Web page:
David Larmour – “I felt comfortable and in control throughout the fight. I thought the fight was over much quicker than it was. To hear there were only 30 seconds left was a bit of a shock. My coach and team were happy with the win, which took us to 8-0 for the year after almost two years without any fights.”
Ahead of the bout, what was the game-plan for Luke Dermott? or was there no game plan, perhaps to go in, enjoy yourself, and display everything you’ve been working on inside the gym?
David Larmour – “There was no game-plan at all as it was both our debut fights. I just focused 100% on myself and what I do best. We worked our arse off for this one and when the fight came I just wanted to get in there, put on a show and enjoy it.”
When you visualized this fight prior, in honesty, did you ever think it would be a first-round sub, or were you anticipating a knockout? Did it come as any surprise or just feel natural?
David Larmour – “I saw the fight end however I wanted it. I knew that I could finish the fight anywhere, so it didn’t phase me whether we stayed standing or went to the ground. I was ready for it all, so when I saw the opportunity, I took it.”
Almighty FC is a show-making moves in the UK. A show many would love to have their MMA debut on, it sets a good tone and experience to remember. How did you find the show as a whole and the experience competing on the promotion?
David Larmour – “It was a brilliant set-up and probably one of the best shows I’ve been to. Everything was utterly professional, including the PPV stream, which I managed to get a copy of. To have my debut on a show like that will be one to remember, and hopefully, I’ll be fighting on another one of their shows in the new year.”
You posted after the fight that you weren’t pleased with everything in your performance, showing that fighters are their most prominent critics, even after a round one win. Explain why you weren’t completely satisfied with the fight?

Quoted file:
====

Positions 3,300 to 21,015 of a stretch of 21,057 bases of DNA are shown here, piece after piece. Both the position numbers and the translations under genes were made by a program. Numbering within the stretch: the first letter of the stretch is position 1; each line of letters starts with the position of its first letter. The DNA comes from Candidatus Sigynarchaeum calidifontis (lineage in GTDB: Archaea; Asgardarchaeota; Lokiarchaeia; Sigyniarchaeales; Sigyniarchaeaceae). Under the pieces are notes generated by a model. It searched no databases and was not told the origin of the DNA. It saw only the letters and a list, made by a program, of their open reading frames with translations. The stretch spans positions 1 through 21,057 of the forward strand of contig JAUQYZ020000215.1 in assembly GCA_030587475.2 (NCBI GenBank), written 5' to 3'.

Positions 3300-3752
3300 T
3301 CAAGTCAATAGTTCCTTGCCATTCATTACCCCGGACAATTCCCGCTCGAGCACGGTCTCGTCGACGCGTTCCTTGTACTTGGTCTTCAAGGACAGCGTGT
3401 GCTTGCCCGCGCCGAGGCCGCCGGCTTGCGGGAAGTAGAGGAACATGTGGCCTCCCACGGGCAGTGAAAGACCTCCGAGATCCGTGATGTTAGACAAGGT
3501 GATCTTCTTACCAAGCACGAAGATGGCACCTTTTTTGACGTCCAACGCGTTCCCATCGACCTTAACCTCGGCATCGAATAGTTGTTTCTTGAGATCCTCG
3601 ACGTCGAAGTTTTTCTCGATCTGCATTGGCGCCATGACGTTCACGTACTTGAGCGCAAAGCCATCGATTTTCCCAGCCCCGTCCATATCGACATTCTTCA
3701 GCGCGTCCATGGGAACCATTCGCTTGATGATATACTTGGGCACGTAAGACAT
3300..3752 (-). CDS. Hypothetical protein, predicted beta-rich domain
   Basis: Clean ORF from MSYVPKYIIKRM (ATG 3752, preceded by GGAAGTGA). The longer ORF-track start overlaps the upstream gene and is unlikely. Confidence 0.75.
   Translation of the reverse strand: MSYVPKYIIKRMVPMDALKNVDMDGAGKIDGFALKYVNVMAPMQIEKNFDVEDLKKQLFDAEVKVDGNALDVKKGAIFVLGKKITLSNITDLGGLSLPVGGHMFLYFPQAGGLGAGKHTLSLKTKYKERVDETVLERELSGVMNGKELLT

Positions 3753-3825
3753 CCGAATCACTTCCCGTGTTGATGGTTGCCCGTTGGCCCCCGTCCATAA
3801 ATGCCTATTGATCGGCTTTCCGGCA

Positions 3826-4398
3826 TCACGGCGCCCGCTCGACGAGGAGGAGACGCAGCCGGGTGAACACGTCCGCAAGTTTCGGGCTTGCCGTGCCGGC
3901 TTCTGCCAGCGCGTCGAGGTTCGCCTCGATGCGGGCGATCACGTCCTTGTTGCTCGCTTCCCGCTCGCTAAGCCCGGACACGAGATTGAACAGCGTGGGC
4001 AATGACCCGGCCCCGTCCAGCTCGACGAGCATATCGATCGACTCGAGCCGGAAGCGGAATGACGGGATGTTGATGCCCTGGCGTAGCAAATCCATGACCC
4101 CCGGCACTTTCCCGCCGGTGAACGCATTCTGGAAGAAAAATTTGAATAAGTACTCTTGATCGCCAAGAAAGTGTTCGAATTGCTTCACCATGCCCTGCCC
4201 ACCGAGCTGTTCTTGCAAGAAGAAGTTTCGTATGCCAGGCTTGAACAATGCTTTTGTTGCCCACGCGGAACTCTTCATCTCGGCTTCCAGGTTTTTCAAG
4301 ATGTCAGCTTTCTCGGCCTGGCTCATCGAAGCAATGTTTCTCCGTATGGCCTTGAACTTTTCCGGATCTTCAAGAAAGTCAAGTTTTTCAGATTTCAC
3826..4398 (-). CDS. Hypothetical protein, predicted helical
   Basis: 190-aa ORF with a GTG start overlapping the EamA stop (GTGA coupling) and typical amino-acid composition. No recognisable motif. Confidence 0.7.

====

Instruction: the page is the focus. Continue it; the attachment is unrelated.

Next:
David Larmour – “I wasn’t completely satisfied with how things went because I never got to show much of my striking, and I knew I had made mistakes in there even before I watched it back. I feel like I trained better than I fought on the day, but it gives me something to work on for the future. It almost felt like an anticlimax, but I can’t be too hard on myself, considering I got the win and came out without any damage.”
You’ve wasted no time getting back inside the cage. I believe you’re competing on Rise and Conquer in Sunderland? Was that fight booked already, or was that a fight you decided to take after the Almighty FC win?
David Larmour – “Correct, my next fight is on Sunday the 28th of November at The Point in Sunderland, which is looking to be a sell-out. I already had this one booked because I told myself I’d have two fights before the end of the year. I never once thought about it until I had dealt with the first one, but now all my focus is on an improved performance and another win.”
If victorious in Sunderland in November, that shall put you in a solid position to close out the year, which I imagine you’d be pleased with. Leading into 2022, what’s your goals inside in the cage for that year?
David Larmour – “I’m hoping to get as many fights as possible in the bag after some time off at Christmas. The more experience I can get, the better, so I’ll be looking to get my name on as many shows as I can manage.”
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Featured Image credits to DN4 Photography